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What to do about the DUST

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I am presently shaping a hull getting it ready for planking. In the process I am covering the floor of my workshop in layers of dust and shavings generated by sanding and sanding and more sanding.  While sanding I fill the air with clouds of the fine dust.  This dust gets everywhere.  Once the task is done, I will break out the shop vac and try to vacuum up the settled clouds.  However, because the filter in the vac is not very fine, I will also create a smaller storm of dust.


I do wear a particle dust mask while sanding to protect me but is there anything else you guys do to control dust.  My shop is a corner of my garage.  I work with the door open to admit fresh air (which in December can be a bit brisk).  I wonder if I could set up fans to create an exhaust wind.


Any suggestions?

Completed Builds:  USS Cairo by BlueJacket;  Nave Egizia by Amati;  Harriet Lane by Model Shipways

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You can try the fans.  What someone (I think it's RustyJ's Winchelsea build) did was make a box with holes in it.  The shop vac plugs into it and all sanding is done on top such that the sawdust is pulled into the box and then the vac.   If your vac has an exit port that accepts a hose, run a hose out of the shop so the dust goes outside.  Or, get a shop vac that uses a bag and a filter.  I have one of those and work in the house.  There's no dust going anywhere. I also set it up to suck up the dust if I'm doing massive sanding with frequent stops to vacuum up any that falls by the wayside the rest of the time.

"The shipwright is slow, but the wood is patient." - me

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yes a system to pull the dust out as it's made is the best long term idea.  I recall when I was an aircraft mech. that I had a buddy who worked in the Civil Eng. wood shop that they had a system of fans and ductwork that took most of the saw dust away from the machines and dumped it outside the shop.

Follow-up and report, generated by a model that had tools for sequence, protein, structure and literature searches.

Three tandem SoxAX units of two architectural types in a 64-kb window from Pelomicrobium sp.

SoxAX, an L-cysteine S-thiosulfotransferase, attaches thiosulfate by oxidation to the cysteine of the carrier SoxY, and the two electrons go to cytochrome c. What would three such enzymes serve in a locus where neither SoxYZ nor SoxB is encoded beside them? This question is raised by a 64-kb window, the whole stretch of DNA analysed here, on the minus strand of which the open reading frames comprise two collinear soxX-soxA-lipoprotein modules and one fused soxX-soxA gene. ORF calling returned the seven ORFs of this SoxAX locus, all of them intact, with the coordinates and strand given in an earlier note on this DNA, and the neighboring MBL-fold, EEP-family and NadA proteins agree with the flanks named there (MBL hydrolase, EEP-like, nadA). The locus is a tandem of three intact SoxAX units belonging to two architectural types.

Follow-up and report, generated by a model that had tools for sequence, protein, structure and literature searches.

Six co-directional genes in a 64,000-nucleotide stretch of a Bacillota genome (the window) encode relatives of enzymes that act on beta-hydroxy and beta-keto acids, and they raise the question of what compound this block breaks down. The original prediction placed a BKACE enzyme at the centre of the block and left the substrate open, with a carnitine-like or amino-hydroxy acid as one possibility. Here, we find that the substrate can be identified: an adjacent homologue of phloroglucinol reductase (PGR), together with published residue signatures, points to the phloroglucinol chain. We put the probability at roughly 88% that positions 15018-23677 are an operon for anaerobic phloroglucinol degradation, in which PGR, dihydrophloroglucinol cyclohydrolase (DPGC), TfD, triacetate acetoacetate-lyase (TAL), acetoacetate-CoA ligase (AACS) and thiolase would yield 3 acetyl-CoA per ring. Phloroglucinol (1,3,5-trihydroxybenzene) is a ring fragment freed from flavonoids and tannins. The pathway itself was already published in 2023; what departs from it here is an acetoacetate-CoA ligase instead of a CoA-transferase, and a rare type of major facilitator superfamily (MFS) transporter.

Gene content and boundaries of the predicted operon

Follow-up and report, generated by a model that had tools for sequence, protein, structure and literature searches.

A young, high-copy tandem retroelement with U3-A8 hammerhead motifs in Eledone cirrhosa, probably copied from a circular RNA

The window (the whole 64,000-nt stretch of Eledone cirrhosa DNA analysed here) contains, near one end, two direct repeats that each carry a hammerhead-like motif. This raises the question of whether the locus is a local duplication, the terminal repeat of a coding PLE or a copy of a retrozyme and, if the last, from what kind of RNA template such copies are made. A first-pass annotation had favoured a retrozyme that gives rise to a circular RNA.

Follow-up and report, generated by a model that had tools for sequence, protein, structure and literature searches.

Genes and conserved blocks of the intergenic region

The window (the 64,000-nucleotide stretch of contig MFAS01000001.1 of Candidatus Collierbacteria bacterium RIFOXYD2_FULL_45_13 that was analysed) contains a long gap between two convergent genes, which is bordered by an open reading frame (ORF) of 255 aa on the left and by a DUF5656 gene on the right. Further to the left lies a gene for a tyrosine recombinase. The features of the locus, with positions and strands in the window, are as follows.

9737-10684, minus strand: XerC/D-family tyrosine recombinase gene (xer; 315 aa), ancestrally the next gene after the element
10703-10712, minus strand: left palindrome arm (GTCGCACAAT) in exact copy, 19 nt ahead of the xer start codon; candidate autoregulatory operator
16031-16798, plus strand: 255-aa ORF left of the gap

for a home system the shop vac running is about the best I can think of for a low cost.

if one wanted to kill off the sound you might check with the companies that make the in-home vacuum systems, they make them where you have outlets for the hose and a central vacuum down in the basement, the hose socket turns on the motor that is in the basement and you never hear it.

something like that might be adapted to a high end work shop.

Holding at Rigging stage :

MS Bluenose 1:64, rigging and finish work


Building Hull :

MS Fair American 1:48


In the yard:  18th Century Longboat, Model Shipways Kit

Done: AL Bounty Jolly Boat

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There are a number of sanding stations that can be purchased from wood working stores that allow you to place the object to be sanded on them and hook up a vacuum system to is and the dust is pulled down and into the vacuum. They come in various sizes and can be hooked to any type of vacuum system.